5. Immediately reduce benefits by 16%. Let’s put some numbers to this. Those expecting a $2,600/mo payout at their full retirement age (the approximate maximum) would now receive just shy of $2,200. Those expecting $2,000/mo would receive $1,680. The average retiree now receiving about $1,350/mo would see their monthly check reduced by $215 to $1,135. For this retiree relying on Social Security for 80% or more of their monthly income, where do they cut $215 per month from an already meager budget?

If you could choose only one option, which one would it be?

Or, how about a diversified, combined approach to eliminate the shortfall?

Pick two of these potent provisions to solve the shortfall: (each provision contributes ~ 50% of the solution to solve the shortfall)

  1. In addition to the payroll tax applied to the 2016 maximum taxable earnings limit of $118,500 (increasing to $127,200 in 2017) add the payroll tax to earnings in excess of $400,000.
  2. Immediately reduce the cost of living adjustment by 1%.  
  3. Increase the payroll tax by 0.1% each year from 2022 to 2041 until it reaches 14.4%.
  4. Gradually increase the retirement age to 70 by 2032, then increase it one more year every 24 years.

Pick three of these less severe provisions to fix it (each contributes ~33% of the solution):

  1. Increase the current earnings limit from $118,500 to $296,700 by 2026.
  2. Apply a 6.2% tax on investment income above $200,000.
  3. In Dec. 2017, reduce the annual cost of living adjustment by 0.5%.
  4. Raise the full retirement age from 67 to 69 by 2022.

Pick five of these gradual, smaller provisions which may also be more palatable for current and future retirees and the economy: (each contributes ~20% of the solution)

  1. Apply a 3% payroll tax on earnings above $118,500.
  2. Starting in 2022, increase the full retirement age one month every two years.
  3. Beginning in 2017, reduce the annual cost of living increase by 0.3%.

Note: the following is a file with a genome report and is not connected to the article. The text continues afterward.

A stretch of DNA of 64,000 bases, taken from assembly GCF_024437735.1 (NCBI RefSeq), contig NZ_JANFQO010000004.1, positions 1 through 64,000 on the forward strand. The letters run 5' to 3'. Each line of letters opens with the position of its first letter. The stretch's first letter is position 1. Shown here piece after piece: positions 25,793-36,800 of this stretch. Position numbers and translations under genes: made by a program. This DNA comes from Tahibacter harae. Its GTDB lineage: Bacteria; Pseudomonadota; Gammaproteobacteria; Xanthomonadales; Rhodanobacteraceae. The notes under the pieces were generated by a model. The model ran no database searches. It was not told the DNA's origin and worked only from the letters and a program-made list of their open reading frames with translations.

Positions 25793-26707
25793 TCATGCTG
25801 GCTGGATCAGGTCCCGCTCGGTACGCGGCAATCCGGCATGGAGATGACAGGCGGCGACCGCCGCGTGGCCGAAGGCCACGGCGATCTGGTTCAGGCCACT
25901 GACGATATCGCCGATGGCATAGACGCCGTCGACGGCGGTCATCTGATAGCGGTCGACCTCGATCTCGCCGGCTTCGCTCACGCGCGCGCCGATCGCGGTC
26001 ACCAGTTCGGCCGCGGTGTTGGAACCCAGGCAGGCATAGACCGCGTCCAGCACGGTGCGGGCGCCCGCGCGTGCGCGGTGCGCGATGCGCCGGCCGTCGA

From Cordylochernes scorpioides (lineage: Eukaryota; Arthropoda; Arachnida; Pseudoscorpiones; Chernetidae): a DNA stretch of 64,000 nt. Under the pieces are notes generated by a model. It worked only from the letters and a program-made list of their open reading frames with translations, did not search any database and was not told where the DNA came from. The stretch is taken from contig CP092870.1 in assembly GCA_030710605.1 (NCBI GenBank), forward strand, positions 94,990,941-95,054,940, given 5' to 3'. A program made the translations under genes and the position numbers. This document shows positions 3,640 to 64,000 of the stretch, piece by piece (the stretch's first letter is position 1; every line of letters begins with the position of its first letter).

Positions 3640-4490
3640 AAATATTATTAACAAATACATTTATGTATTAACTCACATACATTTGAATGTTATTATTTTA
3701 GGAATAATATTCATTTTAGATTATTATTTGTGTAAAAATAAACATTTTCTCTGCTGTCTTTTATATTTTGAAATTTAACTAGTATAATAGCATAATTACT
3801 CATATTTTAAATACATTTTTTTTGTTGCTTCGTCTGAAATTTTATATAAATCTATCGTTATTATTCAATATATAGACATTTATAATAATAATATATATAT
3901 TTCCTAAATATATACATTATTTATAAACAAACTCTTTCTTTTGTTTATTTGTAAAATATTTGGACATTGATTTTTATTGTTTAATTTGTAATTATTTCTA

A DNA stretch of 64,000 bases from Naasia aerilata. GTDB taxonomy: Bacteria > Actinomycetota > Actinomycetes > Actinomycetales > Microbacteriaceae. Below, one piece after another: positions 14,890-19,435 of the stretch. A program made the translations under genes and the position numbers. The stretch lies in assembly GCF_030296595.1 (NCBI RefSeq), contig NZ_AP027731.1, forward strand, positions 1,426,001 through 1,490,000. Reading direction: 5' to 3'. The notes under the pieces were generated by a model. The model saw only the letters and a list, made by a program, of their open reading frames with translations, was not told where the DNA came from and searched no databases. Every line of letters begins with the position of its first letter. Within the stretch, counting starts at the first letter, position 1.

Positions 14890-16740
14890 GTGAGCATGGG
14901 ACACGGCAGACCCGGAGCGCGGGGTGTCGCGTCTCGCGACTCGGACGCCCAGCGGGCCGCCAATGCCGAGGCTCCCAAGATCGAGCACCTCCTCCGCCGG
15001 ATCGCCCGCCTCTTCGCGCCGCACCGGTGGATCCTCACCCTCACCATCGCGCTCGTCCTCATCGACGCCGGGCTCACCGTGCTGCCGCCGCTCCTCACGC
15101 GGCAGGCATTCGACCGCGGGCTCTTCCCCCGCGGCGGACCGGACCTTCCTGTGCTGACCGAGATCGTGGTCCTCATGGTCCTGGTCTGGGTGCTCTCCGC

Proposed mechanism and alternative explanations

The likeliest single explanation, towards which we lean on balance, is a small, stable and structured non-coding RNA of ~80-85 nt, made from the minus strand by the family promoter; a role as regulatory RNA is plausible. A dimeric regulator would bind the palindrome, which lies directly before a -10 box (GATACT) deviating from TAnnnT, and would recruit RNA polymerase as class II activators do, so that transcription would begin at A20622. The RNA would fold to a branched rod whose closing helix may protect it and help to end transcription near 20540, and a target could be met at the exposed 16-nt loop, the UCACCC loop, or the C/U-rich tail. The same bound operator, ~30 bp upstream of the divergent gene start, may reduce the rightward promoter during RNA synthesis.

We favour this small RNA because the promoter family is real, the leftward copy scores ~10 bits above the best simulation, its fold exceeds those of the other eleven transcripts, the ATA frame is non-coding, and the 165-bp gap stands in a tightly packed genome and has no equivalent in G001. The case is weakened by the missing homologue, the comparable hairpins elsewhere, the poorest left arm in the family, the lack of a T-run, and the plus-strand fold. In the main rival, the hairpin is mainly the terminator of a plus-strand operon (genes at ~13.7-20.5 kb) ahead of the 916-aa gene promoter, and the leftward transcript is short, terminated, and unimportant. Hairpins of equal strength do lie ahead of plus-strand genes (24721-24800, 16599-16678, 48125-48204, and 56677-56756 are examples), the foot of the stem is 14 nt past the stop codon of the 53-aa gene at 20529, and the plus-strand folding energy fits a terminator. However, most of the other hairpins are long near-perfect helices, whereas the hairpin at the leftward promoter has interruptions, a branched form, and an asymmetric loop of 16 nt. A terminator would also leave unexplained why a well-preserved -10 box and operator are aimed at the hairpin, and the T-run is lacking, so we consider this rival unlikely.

4. Gradually increase the payroll tax rate, currently 12.4% to 13.0% by 2024.
  5. Increase the number of salary years used to calculate retiree benefits, from 35 to 40 years.

Let’s have some fun with this. If each of the:

  • “Pick two” provisions represented 50% of the solution, and
  • “Pick three” provisions represented 33% of the solution, and
  • “Pick five” provisions represented 20 % of the solution…

…how would you mix & match the provisions to come up with 100% of the Social Security solution?

Or, have you come up with any other provisions?

By the way, my answer to this article’s title is “No.” Social Security is not broke(n). It is based on numerous actuarial assumptions (birth rate, payroll tax rate, mortality rate to name a few) which change over time. Therefore, to keep Social Security solvent we need to continually revisit the assumptions and make adjustments. This has not been done in earnest for decades. Yet, every year we fail to make the fundamental modifications to the program the remedies become less effective and more painful.

I am interested in your thoughts.

About Patrick Bradley

Patrick Bradley is a financial consultant with more than 30 years of experience specializing in risk management, legacy planning and business continuity strategies.  His commitment to helping others extends beyond his work and into his community where he is actively involved with multiple organizations.  Learn more by visiting or connecting with Patrick on LinkedIn.